Shawn Thornton on D&C: ‘Guys are built not to take a night off’
|10.09.13 at 10:21 am ET|
Bruins forward Shawn Thornton joined Dennis & Callahan on Wednesday morning and discussed the heartbreak of last season’s Stanley Cup finals, the optimism he has for this year and his relationship with Red Sox players.
Boston began the regular season 2-0 with a pair of victories at home last week. The Bruins beat the Lightning 3-1 last Thursday, then the Red Wings 4-1 last Saturday.
“It’s only been two games, but you can tell the personalities in the room, that guys are built not to take a night off,” Thornton said. “We might not be at our best every night, but I think that guys get in there wanting to show up and play every night. That might sound like it’s easy to do and you should do it, but not everyone’s built like that. But I think that the guys we brought in, and the guys who were already here, and the guys we kept are definitely built that way.”
Looking back at last season’s Cup finals, the Bruins blew a 2-1 lead with just over a minute remaining in the third period of Game 6 vs. the Blackhawks on June 24, a loss that still stings for Thornton.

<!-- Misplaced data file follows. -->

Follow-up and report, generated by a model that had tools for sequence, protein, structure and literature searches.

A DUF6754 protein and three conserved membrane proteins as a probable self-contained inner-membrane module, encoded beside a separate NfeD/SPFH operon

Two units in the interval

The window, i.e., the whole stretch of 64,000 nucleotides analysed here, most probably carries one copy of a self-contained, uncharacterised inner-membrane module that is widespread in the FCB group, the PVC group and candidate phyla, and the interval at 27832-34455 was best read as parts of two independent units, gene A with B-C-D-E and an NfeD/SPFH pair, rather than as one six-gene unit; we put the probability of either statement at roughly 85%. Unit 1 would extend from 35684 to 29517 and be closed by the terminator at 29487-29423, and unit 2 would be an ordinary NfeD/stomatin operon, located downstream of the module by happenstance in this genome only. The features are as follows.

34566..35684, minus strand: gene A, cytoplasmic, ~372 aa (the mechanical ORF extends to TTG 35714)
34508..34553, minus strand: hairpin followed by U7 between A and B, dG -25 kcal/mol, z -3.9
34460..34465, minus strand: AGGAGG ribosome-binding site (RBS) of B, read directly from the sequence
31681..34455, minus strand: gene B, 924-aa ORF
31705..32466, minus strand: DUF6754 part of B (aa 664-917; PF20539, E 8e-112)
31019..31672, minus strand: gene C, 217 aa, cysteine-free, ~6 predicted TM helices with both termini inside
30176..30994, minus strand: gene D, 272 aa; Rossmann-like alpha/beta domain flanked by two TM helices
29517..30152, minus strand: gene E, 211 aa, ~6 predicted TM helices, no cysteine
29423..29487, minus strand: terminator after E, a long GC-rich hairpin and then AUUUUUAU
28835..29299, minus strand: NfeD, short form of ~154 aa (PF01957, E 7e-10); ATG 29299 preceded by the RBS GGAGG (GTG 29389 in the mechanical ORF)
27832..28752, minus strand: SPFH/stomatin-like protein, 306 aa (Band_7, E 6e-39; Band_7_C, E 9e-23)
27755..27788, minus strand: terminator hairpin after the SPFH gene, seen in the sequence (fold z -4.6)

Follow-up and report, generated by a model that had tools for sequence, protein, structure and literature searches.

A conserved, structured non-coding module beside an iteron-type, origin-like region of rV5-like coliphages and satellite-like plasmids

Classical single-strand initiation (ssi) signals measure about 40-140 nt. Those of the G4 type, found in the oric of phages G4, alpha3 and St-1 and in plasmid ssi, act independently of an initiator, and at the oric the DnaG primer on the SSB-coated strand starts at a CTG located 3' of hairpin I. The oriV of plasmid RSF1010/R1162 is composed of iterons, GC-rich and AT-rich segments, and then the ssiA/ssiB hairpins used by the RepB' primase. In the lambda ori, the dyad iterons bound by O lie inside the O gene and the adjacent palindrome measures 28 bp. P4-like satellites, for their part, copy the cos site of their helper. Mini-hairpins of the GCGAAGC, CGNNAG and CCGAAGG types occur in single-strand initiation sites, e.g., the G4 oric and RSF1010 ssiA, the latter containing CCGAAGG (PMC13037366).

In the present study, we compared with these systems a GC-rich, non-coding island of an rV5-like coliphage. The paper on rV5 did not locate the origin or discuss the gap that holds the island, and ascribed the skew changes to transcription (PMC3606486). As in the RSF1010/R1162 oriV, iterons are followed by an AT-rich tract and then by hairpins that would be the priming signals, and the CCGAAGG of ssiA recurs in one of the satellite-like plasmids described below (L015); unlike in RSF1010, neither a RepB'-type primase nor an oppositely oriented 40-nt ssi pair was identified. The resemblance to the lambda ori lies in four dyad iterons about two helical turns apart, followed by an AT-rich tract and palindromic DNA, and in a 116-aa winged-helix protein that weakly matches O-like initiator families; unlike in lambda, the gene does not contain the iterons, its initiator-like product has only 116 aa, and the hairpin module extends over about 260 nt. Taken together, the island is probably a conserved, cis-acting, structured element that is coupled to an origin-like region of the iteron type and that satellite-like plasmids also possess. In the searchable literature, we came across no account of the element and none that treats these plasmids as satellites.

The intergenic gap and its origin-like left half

“No, it’ll never be over,” Thornton said when asked when the hangover from the postseason ends. “I’ll be thinking about it for years to come, but it’s more of a motivator than a hangover, you get that close and it stings.”
Less than three months removed from its gut-wrenching loss to Chicago, Boston made significant changes to its lineup. Forwards Tyler Seguin and Nathan Horton are gone, replaced by former Penguin Jerome Iginla and former Star Loui Eriksson, while youngsters Reilly Smith — acquired via trade from Dallas along with Erikkson this offseason — and Jordan Caron have taken on elevated roles.
“We’ve got a group of guys that have been around for seven or eight years, and we know how important that is to make people feel welcome. So, coming into our room, you’d probably have to ask them, but I’d like to think that it’s a fairly easy transition, you come in with open arms,” said Thornton.
The NHL implemented a new rule regarding fighting this season. Any player who removes his helmet before the start of a fight will receive a two-minute penalty in addition to the five-minute penalty for fighting.
“I’m not a fan, I’m really not,” said Thornton, Boston’s enforcer. “Obviously I’m a little biased, but it’s seven minutes for fighting now if a guy has a visor because everyone’s going to take their helmet off. And I think when you take the helmet off you take away from the player safety that everyone’s preaching, so I think it’s counterproductive.”
The Red Sox beat the Rays on Tuesday night and moved on to the ALCS where they’ll face either the Tigers or Athletics.
“We’re big supporters of the Sox, pretty much any local sports team I guess,” Thornton said. “You get to meet a lot of those guys when you’re out and about in town so there’s a lot of crossover, they support us, we support them. I’ve been here for seven years, kind of turned me from a Jays fan to a Sox fans, I’m not going to lie.”
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